We had three spotlights following Kendall, so there are these moments where you see him casting three shadows on the floor that felt like echoes of his siblings, even though he's out there alone. And yeah, him manipulating Dad's video — I was very conscious of wanting to hold on Kendall. We have him in the foreground, his head sort of out of focus, Dad looming large behind him, obviously. But it was such a great moment to just hold on Kendall, because he knows what he's doing is wrong, but man, is it working. Jeremy is so good at showing all those tiny cracks. There was that great moment, also, where he talks about saying the unsaid, and you could see that that line is what really gets him, genuinely. In the middle of this Weekend at Bernie's presentation, he has this incredibly genuine moment where he realizes you're never gonna say the unsaid. When you lose a parent, of course, it leaves a hole, but when you're disconnected from that parent, I think it leaves much bigger wounds. He comes out victorious, but it's a bit gruesome.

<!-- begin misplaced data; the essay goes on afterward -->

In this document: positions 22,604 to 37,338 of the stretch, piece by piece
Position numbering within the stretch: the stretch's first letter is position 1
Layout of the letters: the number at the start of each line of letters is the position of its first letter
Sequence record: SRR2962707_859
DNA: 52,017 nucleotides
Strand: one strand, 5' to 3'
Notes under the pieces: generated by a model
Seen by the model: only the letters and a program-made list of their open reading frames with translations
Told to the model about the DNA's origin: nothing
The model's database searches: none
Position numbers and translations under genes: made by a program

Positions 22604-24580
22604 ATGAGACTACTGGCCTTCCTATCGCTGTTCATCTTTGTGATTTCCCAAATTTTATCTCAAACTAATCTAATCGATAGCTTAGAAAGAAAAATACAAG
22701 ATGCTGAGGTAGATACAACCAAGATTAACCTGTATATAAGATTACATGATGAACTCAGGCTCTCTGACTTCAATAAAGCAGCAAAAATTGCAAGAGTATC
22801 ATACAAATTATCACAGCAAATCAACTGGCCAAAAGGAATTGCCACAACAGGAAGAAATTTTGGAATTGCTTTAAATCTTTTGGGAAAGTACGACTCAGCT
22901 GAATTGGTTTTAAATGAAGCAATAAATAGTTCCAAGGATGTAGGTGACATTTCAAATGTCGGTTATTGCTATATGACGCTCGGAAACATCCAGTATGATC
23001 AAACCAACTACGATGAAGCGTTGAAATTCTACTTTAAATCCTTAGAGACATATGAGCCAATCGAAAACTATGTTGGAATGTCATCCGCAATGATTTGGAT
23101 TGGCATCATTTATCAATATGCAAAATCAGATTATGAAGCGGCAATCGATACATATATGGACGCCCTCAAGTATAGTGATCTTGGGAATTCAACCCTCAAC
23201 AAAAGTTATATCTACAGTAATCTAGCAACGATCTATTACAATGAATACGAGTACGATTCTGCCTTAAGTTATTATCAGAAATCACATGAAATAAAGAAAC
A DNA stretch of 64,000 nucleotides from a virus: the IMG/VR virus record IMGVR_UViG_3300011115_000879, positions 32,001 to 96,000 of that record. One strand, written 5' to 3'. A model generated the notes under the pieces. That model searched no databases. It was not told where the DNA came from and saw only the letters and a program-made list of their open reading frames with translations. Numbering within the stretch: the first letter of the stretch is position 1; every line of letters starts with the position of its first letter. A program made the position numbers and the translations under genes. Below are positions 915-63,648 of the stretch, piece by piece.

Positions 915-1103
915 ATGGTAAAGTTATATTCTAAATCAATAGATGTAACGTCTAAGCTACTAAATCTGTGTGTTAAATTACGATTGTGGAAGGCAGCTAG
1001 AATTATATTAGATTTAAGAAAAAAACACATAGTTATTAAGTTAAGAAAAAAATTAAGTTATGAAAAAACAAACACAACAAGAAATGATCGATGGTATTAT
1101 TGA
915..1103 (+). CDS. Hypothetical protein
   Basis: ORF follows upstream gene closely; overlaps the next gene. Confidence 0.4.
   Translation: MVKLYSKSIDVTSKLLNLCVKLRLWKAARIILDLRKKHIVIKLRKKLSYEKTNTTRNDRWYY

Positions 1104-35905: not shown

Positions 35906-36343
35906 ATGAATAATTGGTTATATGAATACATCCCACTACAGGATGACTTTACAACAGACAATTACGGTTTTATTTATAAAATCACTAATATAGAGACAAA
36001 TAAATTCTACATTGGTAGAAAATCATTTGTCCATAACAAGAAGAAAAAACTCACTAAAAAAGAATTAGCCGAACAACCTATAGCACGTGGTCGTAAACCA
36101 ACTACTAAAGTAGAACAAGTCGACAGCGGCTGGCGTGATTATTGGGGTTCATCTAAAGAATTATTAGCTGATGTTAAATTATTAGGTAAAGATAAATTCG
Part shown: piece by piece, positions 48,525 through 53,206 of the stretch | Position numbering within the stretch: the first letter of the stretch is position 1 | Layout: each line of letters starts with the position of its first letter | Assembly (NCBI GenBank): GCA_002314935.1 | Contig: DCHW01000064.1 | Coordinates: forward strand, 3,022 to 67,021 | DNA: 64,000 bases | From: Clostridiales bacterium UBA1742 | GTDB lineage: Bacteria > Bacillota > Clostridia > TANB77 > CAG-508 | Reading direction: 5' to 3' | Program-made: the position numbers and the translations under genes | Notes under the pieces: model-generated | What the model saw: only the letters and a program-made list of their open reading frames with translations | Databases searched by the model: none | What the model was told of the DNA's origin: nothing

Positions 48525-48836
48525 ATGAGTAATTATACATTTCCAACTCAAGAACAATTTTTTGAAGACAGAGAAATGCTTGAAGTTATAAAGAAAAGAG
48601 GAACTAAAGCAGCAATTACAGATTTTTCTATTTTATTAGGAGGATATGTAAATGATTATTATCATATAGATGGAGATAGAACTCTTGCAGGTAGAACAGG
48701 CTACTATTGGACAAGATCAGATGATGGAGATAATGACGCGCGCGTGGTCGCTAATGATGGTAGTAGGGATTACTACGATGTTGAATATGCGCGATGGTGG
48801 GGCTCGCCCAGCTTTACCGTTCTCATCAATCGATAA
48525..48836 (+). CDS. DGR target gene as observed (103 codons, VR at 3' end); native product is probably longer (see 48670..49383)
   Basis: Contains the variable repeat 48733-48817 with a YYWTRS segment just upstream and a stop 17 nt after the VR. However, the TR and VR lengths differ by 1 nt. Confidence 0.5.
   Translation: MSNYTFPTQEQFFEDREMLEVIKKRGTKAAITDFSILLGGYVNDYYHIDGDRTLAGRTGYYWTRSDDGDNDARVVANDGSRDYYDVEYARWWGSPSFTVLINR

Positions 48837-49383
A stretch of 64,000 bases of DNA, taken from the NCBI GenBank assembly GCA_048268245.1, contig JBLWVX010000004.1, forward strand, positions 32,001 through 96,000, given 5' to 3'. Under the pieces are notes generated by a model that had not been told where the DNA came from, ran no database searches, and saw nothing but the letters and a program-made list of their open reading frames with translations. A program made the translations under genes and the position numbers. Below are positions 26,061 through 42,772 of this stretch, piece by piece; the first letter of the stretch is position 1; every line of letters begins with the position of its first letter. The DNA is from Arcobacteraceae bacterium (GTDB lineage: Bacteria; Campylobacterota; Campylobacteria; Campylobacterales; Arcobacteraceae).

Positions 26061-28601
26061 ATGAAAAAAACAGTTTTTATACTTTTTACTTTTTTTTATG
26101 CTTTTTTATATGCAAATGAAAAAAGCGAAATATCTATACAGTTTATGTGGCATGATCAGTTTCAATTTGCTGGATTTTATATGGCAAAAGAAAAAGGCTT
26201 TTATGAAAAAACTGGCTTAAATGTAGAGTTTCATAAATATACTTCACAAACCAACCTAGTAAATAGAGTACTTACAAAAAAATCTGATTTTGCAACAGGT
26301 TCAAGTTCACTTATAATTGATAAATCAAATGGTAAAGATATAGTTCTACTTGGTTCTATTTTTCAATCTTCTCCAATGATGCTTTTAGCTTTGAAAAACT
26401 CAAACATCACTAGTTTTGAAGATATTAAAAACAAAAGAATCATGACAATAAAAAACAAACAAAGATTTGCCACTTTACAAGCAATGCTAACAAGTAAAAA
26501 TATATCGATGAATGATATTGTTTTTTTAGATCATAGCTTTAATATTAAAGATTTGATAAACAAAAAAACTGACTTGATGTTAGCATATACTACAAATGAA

Every episode you've directed has dealt with the idea of a haunted house. Kendall's birthday had the treehouse, Episode 4 of this season was set in Logan's apartment, and in this episode Kendall desperately wants a house built on stage. I'm wondering about what you've thought about the house as a symbol in these episodes, and how, if at all, it's affected your direction.